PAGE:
The embedded web server implementation presented here uses a hardware TCP/IP co-processor.
This demo is one of 4 embedded Ethernet demos currently available for download.
The standard FreeRTOS demo application is intended to be used as a reference and as a starting point for new applications.
This embedded web server demo is included in addition to the standard demo to provide a more application orientated example.
This application does not include a fully featured web server but does provide a working, preemptive, multitasking example that includes
an interrupt driven I2C driver and an interrupt driven interface with a
WIZnet W3100A TCP/IP coprocessor.
The TCP/IP and Ethernet interface board is a simple PCB that connects to the expansion port of the
LPC-P2106 ARM7 prototyping board.
RTOS Port and ARM7 Development Tools
This embedded web server demo was written using the standard FreeRTOS LPC2000 port with the
GNUARM GCC open source development tools.
The processor operates in THUMB mode wherever possible.
The project makefile is contained in the Demo/WizNET_DEMO_GCC_ARM7 directory.
See the Source Code Organization section for a full description of the
FreeRTOS directory structure and the ARM7 GCC port page for
more information on using the development tools.
The download includes the following files:
main.c – initialises the hardware, creates the demo application tasks, then starts the RTOS scheduler.
http_serv.c – handles the sequencing of the socket creation and incoming connections. This is a very simply file.
tcp.c – handles all the messaging between the server task and the WIZnet module. Refer the to the WIZnet W3100A
tcpISR.c – contains the interrupt service routine that handles the external interrupts originating from the WIZNet TCP/IP events.
This is in a separate file as it has to operate in ARM mode.
i2c.c – the i2c driver implementation.
i2cISR.c – the i2c interrupt service routine. This has to be in a separate file as it operates in ARM mode.
html_pages.h – contains the strings sent as the static part of the served page.
In addition the flash.c file from the standard demo application is required.
Principle of Operation
The demo application tasks.
The demo creates 18 tasks – 15 standard demo tasks, the embedded web server task, the error check task and the idle task.
The HTTP server task is the highest priority so will preempt any other task every time there is either
an I2C interrupt or an external interrupt from the WIZnet W3100A device.
The web server task:
Initialises the WIZnet registers.
Creates a socket.
Blocks listening for connections.
Processes a connection.
Closes the socket when the transaction has completed.
Then goes back to step 1 to start over.
The web server task spends most of its time blocked waiting for interrupts from either the WIZnet TCP/IP processor or the
This is a very basic implementation that allows
a single connection at a time, and closes the connection as soon as the HTML page transmission has completed.
The HTTP server task communicates with the WIZnet TCP/IP processor via the I2C bus.
The I2C driver manages a pool of ‘messages’
(see the xI2CMessage structure defined in i2c.h). When an application task calls i2cMessage() the I2C driver fills an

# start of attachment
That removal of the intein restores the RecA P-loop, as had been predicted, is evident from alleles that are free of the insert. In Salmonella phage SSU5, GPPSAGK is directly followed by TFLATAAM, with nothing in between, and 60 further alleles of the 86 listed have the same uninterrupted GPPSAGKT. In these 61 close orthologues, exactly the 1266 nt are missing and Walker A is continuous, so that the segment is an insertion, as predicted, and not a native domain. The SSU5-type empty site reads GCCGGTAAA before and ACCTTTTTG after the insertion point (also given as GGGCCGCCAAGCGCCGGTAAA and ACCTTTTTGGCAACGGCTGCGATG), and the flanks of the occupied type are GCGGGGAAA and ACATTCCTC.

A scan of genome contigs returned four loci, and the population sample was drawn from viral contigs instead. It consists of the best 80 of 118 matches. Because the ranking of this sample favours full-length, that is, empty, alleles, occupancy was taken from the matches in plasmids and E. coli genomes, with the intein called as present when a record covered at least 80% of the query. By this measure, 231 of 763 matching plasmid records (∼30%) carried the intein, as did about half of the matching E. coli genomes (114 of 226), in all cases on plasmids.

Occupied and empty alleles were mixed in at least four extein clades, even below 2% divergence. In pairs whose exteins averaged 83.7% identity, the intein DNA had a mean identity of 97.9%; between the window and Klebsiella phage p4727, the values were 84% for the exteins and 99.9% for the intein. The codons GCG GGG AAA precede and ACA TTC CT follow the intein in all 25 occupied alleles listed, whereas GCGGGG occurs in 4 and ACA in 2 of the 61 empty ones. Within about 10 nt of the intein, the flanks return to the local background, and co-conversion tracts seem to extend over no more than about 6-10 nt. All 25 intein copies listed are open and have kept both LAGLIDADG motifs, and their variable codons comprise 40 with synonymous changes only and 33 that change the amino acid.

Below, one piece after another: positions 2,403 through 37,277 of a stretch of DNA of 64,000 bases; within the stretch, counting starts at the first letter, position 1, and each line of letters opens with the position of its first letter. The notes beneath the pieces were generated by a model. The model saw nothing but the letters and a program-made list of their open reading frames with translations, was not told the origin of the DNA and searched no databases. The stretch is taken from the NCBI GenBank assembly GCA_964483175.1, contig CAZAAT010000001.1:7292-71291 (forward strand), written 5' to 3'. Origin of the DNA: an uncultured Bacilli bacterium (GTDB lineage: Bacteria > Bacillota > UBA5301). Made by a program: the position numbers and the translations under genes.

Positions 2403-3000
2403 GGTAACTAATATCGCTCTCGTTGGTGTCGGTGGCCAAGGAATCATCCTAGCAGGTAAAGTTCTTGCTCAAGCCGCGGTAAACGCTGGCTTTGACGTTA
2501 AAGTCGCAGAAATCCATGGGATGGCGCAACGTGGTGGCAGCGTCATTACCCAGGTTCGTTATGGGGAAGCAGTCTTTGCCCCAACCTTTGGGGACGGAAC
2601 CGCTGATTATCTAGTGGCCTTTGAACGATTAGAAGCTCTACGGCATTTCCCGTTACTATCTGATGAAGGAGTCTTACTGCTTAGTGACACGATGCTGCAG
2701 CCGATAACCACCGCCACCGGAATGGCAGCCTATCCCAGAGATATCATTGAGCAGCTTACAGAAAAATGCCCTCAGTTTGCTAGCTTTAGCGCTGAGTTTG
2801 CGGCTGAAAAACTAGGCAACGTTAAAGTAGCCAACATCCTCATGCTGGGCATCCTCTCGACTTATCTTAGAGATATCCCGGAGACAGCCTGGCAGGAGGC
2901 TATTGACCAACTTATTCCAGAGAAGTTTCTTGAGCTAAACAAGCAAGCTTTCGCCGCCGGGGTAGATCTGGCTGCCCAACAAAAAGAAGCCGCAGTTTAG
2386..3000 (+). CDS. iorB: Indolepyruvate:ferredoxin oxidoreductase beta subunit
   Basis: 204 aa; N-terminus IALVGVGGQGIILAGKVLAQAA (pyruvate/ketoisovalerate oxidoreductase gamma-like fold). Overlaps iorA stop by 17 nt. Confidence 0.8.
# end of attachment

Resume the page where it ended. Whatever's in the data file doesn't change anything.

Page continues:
structure with the message details – then places the new xI2CMessage structure into a queue of messages waiting to be
actioned. This way the application task can continue executing without having to wait for the I2C message to be transacted.
The I2C interrupt routines handles the peripheral generated events to send/receive data over the I2C bus. When a message has
completed it checks the queue to see if any further message are waiting to be transmitted. If so the next message is removed from
the queue and transmission starts immediately.
By using the xMessageCompleteSemaphore parameter of the i2cMessage() function an application task can optionally wait (block)
until the I2C message has been completely transacted. While it is blocked the other tasks will execute. This is particularly
relevant when reading data over the I2C bus as the application task needs to know when the data has been received.
The WIZnet device asserts external interrupt EINT0 when it requires attention, however the I2C interface complicates the
EINT0 interrupt processing.
The C0_ISR register within the WIZnet device is used to determine
the cause of the interrupt, but the I2C interface means that C0_ISR cannot be read from within the interrupt service
routine. In addition the assertion of the interrupt cannot be cleared as this too requires writing to the WIZnet device, again
over the I2C bus.
With the interrupt (EINT0) still being asserted the only way of leaving the interrupt service routine
is to disable the I2C interrupt within the microcontroller (otherwise the interrupt service routine would be
immediately re-entered). After disabling the interrupt the service routine unblocks the web server task – which must then
immediately read the C0_ISR register, clear the interrupts, then re-enable the I2C interrupts in the microcontroller.
It is important therefore that the web server task is the highest priority task – thus ensuring that it always executes
immediately following an EINT0 interrupt.
The comments in the source code provide more details.
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